Utah shooters off the mark in 95-86 loss to Lakers at Staples Center

Los Angeles Lakers center JaVale McGee (7) questions a call during the first half of the team's NBA basketball game against the Utah Jazz in Los Angeles, Friday, Oct. 25, 2019. (AP Photo/Alex Gallardo)

Los Angeles • After a disaster of a first half that saw the Jazz shoot poorly and turn the ball over at an alarming pace, things started to look up early in the second.
Donovan Mitchell climbed the ladder to swat a LeBron James shot from behind, then wound up with a monstrous two-handed throwdown on the other end. Moments later, his floater improbably tied the score.
And then … James responded with a layup. Then two free throws. Then Avery Bradley made a floater. And after Mike Conley drove headlong into two defenders and turned the ball over (Utah’s 17th of the game), Danny Green came down and drilled a 3.
That 9-0 run put L.A. ahead to stay, as the Lakers went on to a 95-86 victory at Staples Center.
Utah’s typically stellar defense proved capable of making up for an uneven performance on the other end in the season-opener against Oklahoma City. It could not atone for an utterly out-of-sorts one vs. Los Angeles.
“Well, throughout the game, I just felt like we were hesitant offensively — we didn’t play with a lot of force. That hesitancy hurt us,” said coach Quin Snyder. “… We just need to be stronger with the ball, we need to be more decisive, we need to be more precise.”
Many of the same issues that surfaced in Game 1 were still there in Game 2 — perhaps not shocking, considering that coach Quin Snyder mentioned the team’s eight new players on multiple occasions pregame (one of whom, Bojan Bogdanovic, sat out with a sprained ankle). This time, though, they proved more costly.
First off, Mitchell was the only consistent scorer once again. By the end of that aforementioned third quarter, he had 20 of Utah’s meager 55-point total, and no one else was in double-digits. Mitchell would go on to finish with 24 for the game, on 7-for-15 shooting.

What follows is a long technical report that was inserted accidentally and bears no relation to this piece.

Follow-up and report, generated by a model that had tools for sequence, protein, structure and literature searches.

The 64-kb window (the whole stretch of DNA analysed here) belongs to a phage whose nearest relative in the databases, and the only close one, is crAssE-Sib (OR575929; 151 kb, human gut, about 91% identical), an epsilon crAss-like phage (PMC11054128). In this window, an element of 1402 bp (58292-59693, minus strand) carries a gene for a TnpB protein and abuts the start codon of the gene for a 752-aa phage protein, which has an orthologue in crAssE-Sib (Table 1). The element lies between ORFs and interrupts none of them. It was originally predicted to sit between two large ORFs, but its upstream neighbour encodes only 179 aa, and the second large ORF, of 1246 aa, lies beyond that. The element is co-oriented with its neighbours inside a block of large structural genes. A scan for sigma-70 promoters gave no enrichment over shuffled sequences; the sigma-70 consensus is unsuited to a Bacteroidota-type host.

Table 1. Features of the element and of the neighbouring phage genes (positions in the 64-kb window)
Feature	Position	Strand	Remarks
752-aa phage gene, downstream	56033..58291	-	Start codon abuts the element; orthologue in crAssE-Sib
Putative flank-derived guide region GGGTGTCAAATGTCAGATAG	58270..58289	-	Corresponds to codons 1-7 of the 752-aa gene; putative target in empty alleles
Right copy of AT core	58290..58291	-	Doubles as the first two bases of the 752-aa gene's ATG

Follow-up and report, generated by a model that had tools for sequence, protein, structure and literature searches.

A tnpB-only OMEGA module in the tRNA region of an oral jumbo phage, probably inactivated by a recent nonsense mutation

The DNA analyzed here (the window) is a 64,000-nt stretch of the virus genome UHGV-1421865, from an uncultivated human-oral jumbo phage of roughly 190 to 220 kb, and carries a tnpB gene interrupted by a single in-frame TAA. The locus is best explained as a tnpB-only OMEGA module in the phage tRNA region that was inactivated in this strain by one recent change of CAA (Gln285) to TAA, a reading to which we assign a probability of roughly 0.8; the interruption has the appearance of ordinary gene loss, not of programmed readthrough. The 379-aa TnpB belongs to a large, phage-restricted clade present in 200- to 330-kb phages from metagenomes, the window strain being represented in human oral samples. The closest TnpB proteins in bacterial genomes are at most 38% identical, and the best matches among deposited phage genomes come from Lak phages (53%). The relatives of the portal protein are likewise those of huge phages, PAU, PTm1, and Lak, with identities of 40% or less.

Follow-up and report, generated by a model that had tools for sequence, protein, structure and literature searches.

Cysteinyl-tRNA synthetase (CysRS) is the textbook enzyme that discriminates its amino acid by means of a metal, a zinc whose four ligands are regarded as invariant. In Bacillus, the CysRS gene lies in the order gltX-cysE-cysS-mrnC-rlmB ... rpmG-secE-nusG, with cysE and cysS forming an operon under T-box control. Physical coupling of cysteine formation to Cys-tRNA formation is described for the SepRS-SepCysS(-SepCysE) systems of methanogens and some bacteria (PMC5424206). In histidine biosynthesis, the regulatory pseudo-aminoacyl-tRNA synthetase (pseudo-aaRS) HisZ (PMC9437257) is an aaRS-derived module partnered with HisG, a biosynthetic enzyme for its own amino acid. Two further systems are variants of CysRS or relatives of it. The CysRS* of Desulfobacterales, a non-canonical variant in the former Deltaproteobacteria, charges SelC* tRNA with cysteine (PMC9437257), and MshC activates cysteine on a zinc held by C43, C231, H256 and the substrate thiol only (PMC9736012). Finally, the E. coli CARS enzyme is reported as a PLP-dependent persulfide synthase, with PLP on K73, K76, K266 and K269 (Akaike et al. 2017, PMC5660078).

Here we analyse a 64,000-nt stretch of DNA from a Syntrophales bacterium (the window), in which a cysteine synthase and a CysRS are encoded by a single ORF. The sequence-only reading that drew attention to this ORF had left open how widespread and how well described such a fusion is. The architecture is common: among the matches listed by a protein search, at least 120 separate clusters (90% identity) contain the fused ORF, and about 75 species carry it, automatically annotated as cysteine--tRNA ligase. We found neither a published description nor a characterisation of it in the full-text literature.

His backcourt partner, Mike Conley, endured another rough night — missing his first six attempts, and finishing just 3 for 11 for 13 points (aided by going 6 of 6 from the free-throw line). He did add four rebounds and three assists, but also coughed the ball up four times.
“it’s like being in quicksand — you try harder and harder and it seems you just keep digging yourself into that hole,” Conley said. “But I can’t shy away from good looks — I’m getting a lot of good opportunities, and I’m just not making ’em. It’s really frustrating for me, but I’m not worried about it.”

His teammates — excluding Mitchell — weren’t much better shooting, going a collective 14 for 38 overall (36.8%), and 3-12 from deep (25%) in the opening half.
They did at least improve a bit as the contest went on — winding up at 41.4% from the field and 32% from 3-point range by game’s end.
An additional concern was the inability to protect the ball. Utah had six turnovers by the end of the first quarter, 13 by halftime, and 20 by the end of the third quarter. Part of the problem remains players’ unfamiliarity with one another. In the second quarter, Mitchell passed up a layup to dump the ball off to a trailing Jeff Green, who, clearly surprised by the pass, wound up committing a charge.
Meanwhile, a team that was strong on the boards a season ago was out rebounded for the second straight time. And while the final tally wasn’t excessive — 42 to 40 for the Lakers — Utah’s struggles there proved troublesome nevertheless.
In the second quarter, reserve center Ed Davis was beaten to the ball by Dwight Howard on consecutive shots, ultimately leading to a bucket. At the end of the third, Utah failed to corral a missed Howard free throw, leading to Troy Daniels drilling an open 3 that put the Lakers up by 19 going into the final 12 minutes.
It wasn’t all awful — Rudy Gobert totaled just eight points and nine rebounds, but his first-half defense kept a game close that maybe didn’t deserve to be.
“Even with all the turnovers and the fast-break points that we gave up because of that, we held them to 95 points,” Gobert said. “So let’s think about how good we’d be if we didn’t have that.”
That was a source of solace for Mitchell as well.
“We’ll figure the offense out, but defensively, we’re really locked in,” he said. “That’s one of the huge steps we’ve made from the preseason.”
Still, while Lakers fans went home happy following a near-triple-double from LeBron (32 points, 10 assists, seven rebounds), and newbie star Anthony Davis recovering from a poor start of his own to finish with 21 points and seven boards, the Jazz went home just hoping to quickly put the game behind them in time for Saturday’s follow-up against the Kings.
The ever-indefatigable Joe Ingles indicated after the game that shouldn’t be a problem.
“It’s Game 2, right?” he asked rhetorically. “I don’t think anything’s really concerning.”
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